Others highlighted that the local elections showed that Turkey is polarized between AKP supporters—generally the poor and the pious, with a base in the Islamist Green heartland in central Anatolia—and progressive, secular Turks who resent AKP control.

“Turkey right now is suffering from a dangerous mix of a tense political situation and big external vulnerabilities,” 

          ~ William Jackson, Capital Economics

 The source of the bitterness remains the continuing struggle between Erdoğan and his former mentor/ally, US-based cleric Fethullah Gülen. With Erdoğan’s opponents accusing him, his family and close associates of corruption and the prime minister reacting with fury at “fabricated plots” and “doctored” recordings of the alleged transgressions, Turkey’s reputation and its economy have suffered. Anti-censorship campaigners were appalled by Erdoğan’s bans on Twitter and YouTube, moves subsequently branded by the constitutional court as illegal, with a US government official calling them the “21st century equivalent of book burning.” There were also concerns at the widespread sackings earlier this year of police and justice officials associated with investigating the various corruption claims against the Turkish prime minister. Occasional skirmishes with neighboring Syria have also done little to settle nerves.


Ayci, Ispat: The good news is the robust performance in exports and industrial production.

Investors are understandably concerned at how the prime minister of a country that aspires to be one of the world’s top 10 economies and has more than $20 billion of large infrastructure projects in the pipeline— which are to be financed largely with external loans—can behave like this. The big worry is that Erdoğan may change AKP rules so he can stand as prime minister for a fourth time next year, which means there may be no end in sight to the uncertainty. The fact that parliamentary opposition is ineffectively divided between the Nationalist Movement Party (MHP) and mainstream, secularist Republican People’s Party (CHP) has reinforced the sense of division.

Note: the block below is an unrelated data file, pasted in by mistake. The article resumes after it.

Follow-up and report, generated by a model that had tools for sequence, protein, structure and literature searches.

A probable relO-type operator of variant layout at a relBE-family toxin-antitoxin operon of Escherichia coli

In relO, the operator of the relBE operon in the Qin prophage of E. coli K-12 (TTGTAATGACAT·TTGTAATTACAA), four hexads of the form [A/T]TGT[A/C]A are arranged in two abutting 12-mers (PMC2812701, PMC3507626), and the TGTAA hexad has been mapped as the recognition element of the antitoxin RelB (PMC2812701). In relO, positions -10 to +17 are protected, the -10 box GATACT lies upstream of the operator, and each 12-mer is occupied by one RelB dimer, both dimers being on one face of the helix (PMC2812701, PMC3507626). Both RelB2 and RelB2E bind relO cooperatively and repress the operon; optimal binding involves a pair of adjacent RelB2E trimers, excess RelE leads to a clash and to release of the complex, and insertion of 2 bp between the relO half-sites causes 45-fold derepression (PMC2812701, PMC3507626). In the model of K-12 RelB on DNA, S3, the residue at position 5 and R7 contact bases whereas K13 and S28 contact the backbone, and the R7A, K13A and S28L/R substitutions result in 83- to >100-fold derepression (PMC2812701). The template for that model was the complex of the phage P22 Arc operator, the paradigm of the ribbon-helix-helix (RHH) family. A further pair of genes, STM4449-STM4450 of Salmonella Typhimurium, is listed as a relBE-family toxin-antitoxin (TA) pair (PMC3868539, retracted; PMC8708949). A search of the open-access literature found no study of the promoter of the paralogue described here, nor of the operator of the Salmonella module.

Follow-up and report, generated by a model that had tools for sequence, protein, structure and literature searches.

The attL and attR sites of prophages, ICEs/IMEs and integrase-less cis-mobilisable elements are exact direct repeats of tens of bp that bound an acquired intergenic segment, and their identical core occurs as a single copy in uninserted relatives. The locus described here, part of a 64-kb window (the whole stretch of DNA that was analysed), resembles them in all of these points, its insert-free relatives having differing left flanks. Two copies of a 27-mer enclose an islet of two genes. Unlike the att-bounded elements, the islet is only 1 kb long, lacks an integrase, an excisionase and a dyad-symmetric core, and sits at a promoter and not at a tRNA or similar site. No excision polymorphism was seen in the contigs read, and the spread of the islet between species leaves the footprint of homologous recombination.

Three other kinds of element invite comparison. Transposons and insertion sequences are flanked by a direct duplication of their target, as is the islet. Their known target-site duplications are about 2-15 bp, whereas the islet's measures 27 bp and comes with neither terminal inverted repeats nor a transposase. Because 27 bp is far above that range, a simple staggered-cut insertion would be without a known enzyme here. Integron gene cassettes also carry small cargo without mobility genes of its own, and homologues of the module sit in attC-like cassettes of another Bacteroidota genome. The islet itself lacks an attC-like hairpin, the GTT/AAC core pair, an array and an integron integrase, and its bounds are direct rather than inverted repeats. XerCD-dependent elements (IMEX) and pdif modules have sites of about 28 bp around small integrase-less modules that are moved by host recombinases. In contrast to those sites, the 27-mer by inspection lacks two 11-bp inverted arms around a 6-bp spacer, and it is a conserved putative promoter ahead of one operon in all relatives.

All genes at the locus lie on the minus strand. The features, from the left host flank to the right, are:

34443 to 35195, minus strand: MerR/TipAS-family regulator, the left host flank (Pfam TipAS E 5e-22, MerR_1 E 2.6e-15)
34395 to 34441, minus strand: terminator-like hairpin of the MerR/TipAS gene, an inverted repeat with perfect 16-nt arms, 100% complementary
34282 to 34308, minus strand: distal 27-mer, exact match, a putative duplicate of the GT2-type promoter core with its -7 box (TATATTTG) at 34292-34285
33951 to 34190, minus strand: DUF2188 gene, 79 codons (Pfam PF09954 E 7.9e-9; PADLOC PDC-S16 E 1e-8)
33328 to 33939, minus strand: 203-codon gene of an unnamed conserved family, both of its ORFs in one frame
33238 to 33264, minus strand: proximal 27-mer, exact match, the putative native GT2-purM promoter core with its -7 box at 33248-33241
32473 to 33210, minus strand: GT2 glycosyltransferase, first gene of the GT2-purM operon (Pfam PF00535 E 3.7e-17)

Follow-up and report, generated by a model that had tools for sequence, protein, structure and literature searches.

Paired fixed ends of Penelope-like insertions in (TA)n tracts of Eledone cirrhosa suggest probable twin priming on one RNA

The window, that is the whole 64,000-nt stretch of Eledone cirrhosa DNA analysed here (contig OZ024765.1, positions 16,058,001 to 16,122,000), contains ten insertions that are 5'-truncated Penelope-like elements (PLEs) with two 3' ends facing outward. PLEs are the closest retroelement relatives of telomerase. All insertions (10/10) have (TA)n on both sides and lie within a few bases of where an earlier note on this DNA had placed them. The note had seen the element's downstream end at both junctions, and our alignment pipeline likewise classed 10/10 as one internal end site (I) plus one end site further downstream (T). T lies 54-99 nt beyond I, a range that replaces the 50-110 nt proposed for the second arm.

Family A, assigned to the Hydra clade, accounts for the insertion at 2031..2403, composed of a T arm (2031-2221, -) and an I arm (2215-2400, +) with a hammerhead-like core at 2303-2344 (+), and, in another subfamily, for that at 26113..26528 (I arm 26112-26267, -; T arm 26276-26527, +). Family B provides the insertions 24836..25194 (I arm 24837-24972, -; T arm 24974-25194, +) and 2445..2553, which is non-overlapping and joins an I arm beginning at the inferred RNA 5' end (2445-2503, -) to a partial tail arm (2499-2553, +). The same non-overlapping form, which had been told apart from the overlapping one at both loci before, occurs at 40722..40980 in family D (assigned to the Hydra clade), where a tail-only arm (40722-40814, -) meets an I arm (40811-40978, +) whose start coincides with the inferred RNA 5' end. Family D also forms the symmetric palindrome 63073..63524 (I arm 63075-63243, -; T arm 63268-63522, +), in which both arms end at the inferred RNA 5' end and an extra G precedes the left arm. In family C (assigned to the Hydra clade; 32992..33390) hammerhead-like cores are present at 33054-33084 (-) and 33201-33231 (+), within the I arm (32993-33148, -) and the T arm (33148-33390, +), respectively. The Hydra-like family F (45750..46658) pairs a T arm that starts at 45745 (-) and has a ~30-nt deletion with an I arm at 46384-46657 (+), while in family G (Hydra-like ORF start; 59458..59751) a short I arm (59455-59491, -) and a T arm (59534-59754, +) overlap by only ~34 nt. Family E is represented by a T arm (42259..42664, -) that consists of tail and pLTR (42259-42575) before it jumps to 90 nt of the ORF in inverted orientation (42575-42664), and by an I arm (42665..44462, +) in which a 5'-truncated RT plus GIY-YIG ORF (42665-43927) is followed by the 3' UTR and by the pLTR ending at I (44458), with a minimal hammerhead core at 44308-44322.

The question is, what will all this mean for the economy?

Local financial markets initially responded well to the AKP’s victory, with Borsa Istanbul opening 2% up and the lira—which, before January’s interest rate rise, had seen its dollar value slump to almost 2.4—hit a two month high of 2.2.

Economic news has been quite good. Fourth-quarter GDP figures suggest growth last year was rather better than expected at 4.4%, fueled by consumer and government spending: The former rose 5.3%, reflecting an upsurge in bank lending, while ahead of the March elections the latter jumped 6.8% year-on-year, against 1.7% in the same period in 2012. For 2013 as a whole, GDP grew 4%.

“This performance was achieved despite the increased financial volatility sourced by the Fed’s switch to monetary tightening; global, regional and political tensions; the contraction in our biggest trade partner, the EU; and high oil prices,” declared Turkish Finance minister Mehmet Şimşek.